(WB) I’m a real estate agent by trade. And ask any real estate agent how business is or how the market is doing, and you’ll likely get the same answer — it’s great — or some variation on that.
This, despite whatever the truth really is. We’re just trained to be optimistic, upbeat. I guess people are more or less like that. Asking anyone, how are you, and you’ll likely get the rote answer — fine. It’s just what we’re trained to say.
Also, why do real estate agents also just automatically tell you that the market and their business is going great? Well, they, as human beings, don’t want to be seen as vulnerable, weak, or, God forbid, bad at what they do. I think gay men are a lot like real estate agents. No wonder most real estate agents seem to be gay men.
But why is this really? It seems gay men, especially here in D.C., have a lot of walls. And I’ve certainly remarked on this here before. And in many ways, it comes from a simple force of habit. From an early age we were taught to defuse and deflect and redirect any questions about ourselves we might find too personal. It’s just what we were trained to do in a lot of ways. But at the same time, gay men also seem to rely heavily on their friends, as we carve out urban families and support networks.
Also, our queer community is just so small, and in many ways, getting smaller. News travels fast and everyone seems to love a bit of gossip here and there. I certainly include myself there. And everyone seems to be one degree removed from someone else. Social media has also made our gay worlds a little tighter, so to speak, and it certainly doesn’t take a degree in forensic science to track down someone to put a face with a story. All this makes it difficult to really share it seems.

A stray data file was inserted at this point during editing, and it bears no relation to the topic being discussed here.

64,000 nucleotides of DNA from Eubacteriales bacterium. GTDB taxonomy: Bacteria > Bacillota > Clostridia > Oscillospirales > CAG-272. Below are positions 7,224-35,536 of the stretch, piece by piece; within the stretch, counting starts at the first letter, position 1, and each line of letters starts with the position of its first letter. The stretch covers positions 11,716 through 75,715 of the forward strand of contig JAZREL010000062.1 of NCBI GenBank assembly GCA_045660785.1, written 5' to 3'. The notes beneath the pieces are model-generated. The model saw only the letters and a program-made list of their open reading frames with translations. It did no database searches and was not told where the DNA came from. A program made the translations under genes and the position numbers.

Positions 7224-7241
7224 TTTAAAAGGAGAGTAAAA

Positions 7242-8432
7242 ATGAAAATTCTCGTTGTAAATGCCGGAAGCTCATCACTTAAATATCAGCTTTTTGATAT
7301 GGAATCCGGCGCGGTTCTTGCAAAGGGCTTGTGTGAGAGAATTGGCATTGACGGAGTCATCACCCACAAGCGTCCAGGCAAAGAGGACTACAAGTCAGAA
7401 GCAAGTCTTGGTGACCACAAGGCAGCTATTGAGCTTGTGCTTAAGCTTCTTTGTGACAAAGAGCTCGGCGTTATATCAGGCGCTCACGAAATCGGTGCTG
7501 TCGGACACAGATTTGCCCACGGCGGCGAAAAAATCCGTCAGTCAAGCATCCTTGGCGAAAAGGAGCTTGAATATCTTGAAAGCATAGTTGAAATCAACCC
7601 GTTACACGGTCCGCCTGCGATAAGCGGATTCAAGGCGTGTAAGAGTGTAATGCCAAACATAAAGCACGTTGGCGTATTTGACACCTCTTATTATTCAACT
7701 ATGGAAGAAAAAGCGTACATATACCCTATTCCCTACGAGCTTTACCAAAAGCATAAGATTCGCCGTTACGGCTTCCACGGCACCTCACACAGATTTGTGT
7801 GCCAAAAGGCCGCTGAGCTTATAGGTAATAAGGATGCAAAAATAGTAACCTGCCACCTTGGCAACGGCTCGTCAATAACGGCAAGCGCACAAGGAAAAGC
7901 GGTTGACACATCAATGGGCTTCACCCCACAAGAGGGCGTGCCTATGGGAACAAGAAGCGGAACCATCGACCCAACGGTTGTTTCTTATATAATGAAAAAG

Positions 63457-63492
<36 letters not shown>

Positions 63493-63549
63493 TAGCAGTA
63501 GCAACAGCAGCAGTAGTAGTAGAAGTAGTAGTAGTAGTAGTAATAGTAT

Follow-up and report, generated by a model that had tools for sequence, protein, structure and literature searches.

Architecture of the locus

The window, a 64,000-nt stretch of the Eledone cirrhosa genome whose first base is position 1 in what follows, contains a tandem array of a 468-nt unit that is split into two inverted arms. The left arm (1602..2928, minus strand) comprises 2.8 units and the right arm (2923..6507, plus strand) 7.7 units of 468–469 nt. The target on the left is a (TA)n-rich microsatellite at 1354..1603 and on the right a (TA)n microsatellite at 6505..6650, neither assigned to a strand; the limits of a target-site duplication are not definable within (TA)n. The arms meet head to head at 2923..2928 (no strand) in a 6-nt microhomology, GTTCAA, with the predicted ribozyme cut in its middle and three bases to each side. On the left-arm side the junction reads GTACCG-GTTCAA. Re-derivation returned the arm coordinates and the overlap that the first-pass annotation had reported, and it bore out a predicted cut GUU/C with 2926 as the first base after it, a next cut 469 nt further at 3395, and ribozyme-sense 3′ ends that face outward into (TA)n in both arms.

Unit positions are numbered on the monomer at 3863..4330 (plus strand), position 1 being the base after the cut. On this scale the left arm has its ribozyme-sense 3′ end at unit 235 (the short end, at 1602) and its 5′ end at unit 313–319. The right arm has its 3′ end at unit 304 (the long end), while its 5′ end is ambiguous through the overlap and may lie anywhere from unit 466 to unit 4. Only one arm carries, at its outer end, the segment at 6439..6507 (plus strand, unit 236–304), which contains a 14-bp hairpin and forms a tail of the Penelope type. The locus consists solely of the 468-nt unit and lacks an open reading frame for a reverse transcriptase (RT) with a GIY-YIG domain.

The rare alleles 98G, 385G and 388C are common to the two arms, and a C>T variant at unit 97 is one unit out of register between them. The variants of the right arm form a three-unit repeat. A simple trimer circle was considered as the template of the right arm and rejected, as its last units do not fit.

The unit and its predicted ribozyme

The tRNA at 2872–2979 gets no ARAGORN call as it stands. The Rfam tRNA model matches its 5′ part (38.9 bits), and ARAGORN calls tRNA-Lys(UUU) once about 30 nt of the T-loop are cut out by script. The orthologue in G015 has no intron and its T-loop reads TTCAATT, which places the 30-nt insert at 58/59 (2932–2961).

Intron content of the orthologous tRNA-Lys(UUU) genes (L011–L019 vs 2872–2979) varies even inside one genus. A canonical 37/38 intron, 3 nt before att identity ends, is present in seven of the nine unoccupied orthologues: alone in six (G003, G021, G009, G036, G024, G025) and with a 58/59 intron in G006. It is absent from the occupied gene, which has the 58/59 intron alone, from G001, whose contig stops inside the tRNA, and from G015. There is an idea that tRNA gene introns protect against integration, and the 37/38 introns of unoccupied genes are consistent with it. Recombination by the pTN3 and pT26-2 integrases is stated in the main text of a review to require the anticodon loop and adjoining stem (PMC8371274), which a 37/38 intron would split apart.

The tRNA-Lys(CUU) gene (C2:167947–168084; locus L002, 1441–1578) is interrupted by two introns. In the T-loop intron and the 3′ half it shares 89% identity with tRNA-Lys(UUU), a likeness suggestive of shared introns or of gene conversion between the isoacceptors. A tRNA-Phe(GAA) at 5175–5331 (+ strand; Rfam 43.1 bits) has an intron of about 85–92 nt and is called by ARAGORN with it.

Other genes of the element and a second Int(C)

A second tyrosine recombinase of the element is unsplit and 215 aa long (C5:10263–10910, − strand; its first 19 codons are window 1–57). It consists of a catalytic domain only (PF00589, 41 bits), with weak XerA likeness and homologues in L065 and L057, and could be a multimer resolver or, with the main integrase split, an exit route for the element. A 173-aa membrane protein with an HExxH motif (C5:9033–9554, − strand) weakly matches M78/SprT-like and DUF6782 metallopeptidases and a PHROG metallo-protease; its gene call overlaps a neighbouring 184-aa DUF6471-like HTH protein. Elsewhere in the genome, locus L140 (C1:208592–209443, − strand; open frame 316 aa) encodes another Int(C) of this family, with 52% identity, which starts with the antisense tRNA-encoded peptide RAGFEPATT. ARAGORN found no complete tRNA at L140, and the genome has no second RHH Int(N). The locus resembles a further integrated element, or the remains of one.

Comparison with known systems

Beyond that, people seem reluctant to talk about their lives because they may never really be asked. When a friend revealed to me that he was diagnosed with depression earlier this year, I asked him what I could do to help. “Just ask me how I’m doing from time to time.” Such a simple request that was almost jarring to hear. I mean, do I not do this already? We’re friends after all. It occurred to me that what he was asking was to really ask and to keep asking. And not to settle for cursory answers. When talking to my friend James about this column, he suggested ditching the old standby questions and going in for a deeper connection. Targeted questions could yield connections between friends. No more, ‘How are you’s?’ But trying instead for something deeper.
But back to real estate. Yes, our automatic reaction to anyone asking how things are going is to tell you how fantastic it all is. And truth be told, wouldn’t you rather work with someone upbeat and optimistic? When it comes to friends, would you want to be around someone sad or troubled? That’s difficult, right? We tend not to want to be around sorrow; we just want the highlight reels. But really asking is also the hallmark of a good friend. So, for at least two friends I know, I will try to be more present, more available, more of an active player in how they’re doing.
Going forward into 2019, it’s really the least I can do.
Brock Thompson is a D.C.-based writer. He contributes regularly to the Blade.